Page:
Mike and the Moonpies’ New Album Is One You’d Give to Martians to Understand ‘Country Music’

Last month, Mike and the Moonpies made their debut at Nashville’s Ryman Auditorium as part of a three-band bill of Red Dirt stalwarts including Jason Boland and Reckless Kelly. Despite going on first, Mike Harmeier and co. found the Ryman’s pews full and the crowd at attention. The fans knew what’s up: The band with the proudly goofy name is too hot to miss.

For those that weren’t at that gig, a new live album from the Moonpies dropped today. Recorded last year at the Devil’s Backbone Tavern in Fischer, Texas, it’s a thrilling document of a country band at the top of their game. How they made it this far, however, is anyone’s guess. Like every other musician who makes their actual living on the road, they suffered through the fallow times of the pandemic, doing so — then and now — as an independent act without any label support. Three of its members — Harmeier, guitarist Catlin Rutherford, and steel ace Zach Moulton — also lost their fathers in the course of a year. Coarsely put, it’s been a shitty road.

You can hear Harmeier stare it all down at the midpoint of Live From the Devil’s Backbone when the band punches their way through “Danger,” a road-weary tale from the album they cut at Abbey Road Studios in London, 2019’s Cheap Silver & Solid Country Gold.” “I’ve lost love and I’ve cursed the man above/But I’m still here,” Harmeier growls, teeing up a dramatic pause that’s full of equal parts sorrow and defiance. “And so are you!”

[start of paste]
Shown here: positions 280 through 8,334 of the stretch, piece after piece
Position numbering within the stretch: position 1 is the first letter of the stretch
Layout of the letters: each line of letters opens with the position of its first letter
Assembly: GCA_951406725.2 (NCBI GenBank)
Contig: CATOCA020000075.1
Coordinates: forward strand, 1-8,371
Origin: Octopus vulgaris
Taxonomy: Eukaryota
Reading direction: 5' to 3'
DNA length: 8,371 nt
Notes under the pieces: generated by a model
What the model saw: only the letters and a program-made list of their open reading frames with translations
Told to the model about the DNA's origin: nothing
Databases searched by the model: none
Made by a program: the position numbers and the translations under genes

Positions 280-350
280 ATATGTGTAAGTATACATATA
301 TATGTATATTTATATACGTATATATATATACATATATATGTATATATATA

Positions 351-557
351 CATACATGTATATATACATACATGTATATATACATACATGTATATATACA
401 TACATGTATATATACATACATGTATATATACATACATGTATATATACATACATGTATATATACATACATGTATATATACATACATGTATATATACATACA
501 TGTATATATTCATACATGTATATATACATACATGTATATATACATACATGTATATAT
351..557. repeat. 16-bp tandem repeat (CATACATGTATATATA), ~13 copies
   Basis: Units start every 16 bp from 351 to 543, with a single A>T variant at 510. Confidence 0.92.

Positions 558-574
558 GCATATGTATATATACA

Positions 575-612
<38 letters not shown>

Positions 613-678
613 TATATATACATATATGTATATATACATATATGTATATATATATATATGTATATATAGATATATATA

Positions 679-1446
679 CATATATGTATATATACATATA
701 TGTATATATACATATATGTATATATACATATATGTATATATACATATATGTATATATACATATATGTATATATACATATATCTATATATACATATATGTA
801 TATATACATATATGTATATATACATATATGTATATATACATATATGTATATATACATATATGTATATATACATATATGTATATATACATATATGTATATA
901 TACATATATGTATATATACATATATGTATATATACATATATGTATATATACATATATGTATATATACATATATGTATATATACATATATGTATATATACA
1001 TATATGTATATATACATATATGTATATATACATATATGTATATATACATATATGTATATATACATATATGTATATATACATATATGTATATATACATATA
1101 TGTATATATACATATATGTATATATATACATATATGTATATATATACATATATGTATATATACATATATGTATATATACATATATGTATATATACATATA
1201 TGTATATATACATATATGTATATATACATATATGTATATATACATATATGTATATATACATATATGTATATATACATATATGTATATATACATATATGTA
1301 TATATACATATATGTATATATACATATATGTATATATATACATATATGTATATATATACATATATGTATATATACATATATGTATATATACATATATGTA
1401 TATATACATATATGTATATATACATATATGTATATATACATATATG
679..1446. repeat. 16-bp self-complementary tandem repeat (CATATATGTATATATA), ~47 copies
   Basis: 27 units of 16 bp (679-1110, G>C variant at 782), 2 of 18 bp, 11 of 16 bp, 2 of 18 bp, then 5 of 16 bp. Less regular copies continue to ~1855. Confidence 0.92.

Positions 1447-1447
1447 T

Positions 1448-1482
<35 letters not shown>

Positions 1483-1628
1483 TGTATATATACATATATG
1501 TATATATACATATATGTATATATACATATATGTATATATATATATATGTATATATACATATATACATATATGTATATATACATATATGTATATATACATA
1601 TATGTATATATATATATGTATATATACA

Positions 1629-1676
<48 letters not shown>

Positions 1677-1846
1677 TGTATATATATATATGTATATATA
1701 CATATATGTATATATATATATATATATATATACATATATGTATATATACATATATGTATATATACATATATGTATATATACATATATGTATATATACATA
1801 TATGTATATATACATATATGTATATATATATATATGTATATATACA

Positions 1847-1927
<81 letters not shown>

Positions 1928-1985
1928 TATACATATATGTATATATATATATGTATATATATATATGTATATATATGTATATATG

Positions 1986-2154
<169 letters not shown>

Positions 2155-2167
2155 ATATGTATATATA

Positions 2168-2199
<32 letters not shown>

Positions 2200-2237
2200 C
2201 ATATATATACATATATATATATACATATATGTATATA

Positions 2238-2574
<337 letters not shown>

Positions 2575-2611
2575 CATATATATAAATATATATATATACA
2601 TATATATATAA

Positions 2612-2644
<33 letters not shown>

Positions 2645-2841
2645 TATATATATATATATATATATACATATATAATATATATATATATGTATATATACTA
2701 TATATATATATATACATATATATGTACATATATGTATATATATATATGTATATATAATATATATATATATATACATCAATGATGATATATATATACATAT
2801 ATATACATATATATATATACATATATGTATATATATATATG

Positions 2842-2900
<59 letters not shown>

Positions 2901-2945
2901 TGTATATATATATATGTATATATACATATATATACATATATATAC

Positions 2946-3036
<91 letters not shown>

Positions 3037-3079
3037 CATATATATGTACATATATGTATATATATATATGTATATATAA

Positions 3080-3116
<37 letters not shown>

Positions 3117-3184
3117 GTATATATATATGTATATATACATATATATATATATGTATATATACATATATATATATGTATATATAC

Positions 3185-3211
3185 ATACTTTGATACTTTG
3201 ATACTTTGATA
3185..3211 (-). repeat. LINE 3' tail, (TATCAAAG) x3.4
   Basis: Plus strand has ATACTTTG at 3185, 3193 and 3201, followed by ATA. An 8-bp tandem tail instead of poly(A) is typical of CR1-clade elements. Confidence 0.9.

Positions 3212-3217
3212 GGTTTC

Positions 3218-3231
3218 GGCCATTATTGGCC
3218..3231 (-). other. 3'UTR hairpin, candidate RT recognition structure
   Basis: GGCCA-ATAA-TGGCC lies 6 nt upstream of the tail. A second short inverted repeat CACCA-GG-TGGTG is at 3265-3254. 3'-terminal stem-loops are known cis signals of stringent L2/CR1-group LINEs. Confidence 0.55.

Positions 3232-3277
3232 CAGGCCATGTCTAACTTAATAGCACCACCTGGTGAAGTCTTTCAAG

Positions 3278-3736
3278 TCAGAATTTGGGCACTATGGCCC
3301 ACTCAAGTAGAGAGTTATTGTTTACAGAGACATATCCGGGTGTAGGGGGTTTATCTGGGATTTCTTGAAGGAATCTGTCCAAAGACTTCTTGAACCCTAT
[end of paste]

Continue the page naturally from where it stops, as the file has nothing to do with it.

That “come and take it” spirit is all over the live record. On “Paycheck to Paycheck,” they dare you to stop their momentum — and that’s just the show opener. By the time they reach “Road Crew,” the best salute to stage grunts since Motörhead’s “(We Are) The Road Crew,” they’re barreling nonstop like truckers on pills, led by the lockstep groove of drummer Taylor Englert and wild-eyed bassist Omar Oyoque.  


But it’s the one-two combo of “Beaches of Biloxi” and “Steak Night at the Prairie Rose” that, like at that Ryman Auditorium show, best capture the Moonpies’ moxie. The former is a bet-the-farm-and-lose-it narrative of gambling on the Gulf Coast that nonetheless feels euphoric, while “Steak Night” is a eulogy to a lost parent written when everyone’s dads were still with them. Now, it’s even more poignant, a reminder to hold on tight.

We’re living in a banner time for bands in country music. On any given night, groups from all facets of the genre — Turnpike Troubadours, Midland, the Cadillac Three, Blackberry Smoke, American Aquarium, Shane Smith and the Saints, and Joshua Ray Walker and Vandoliers (with whom the Moonpies will headline Cain’s Ballroom in Tulsa in December) — can each remind you why there’s little better than country songs played live in a bar. Put Mike and the Moonpies high up on that list.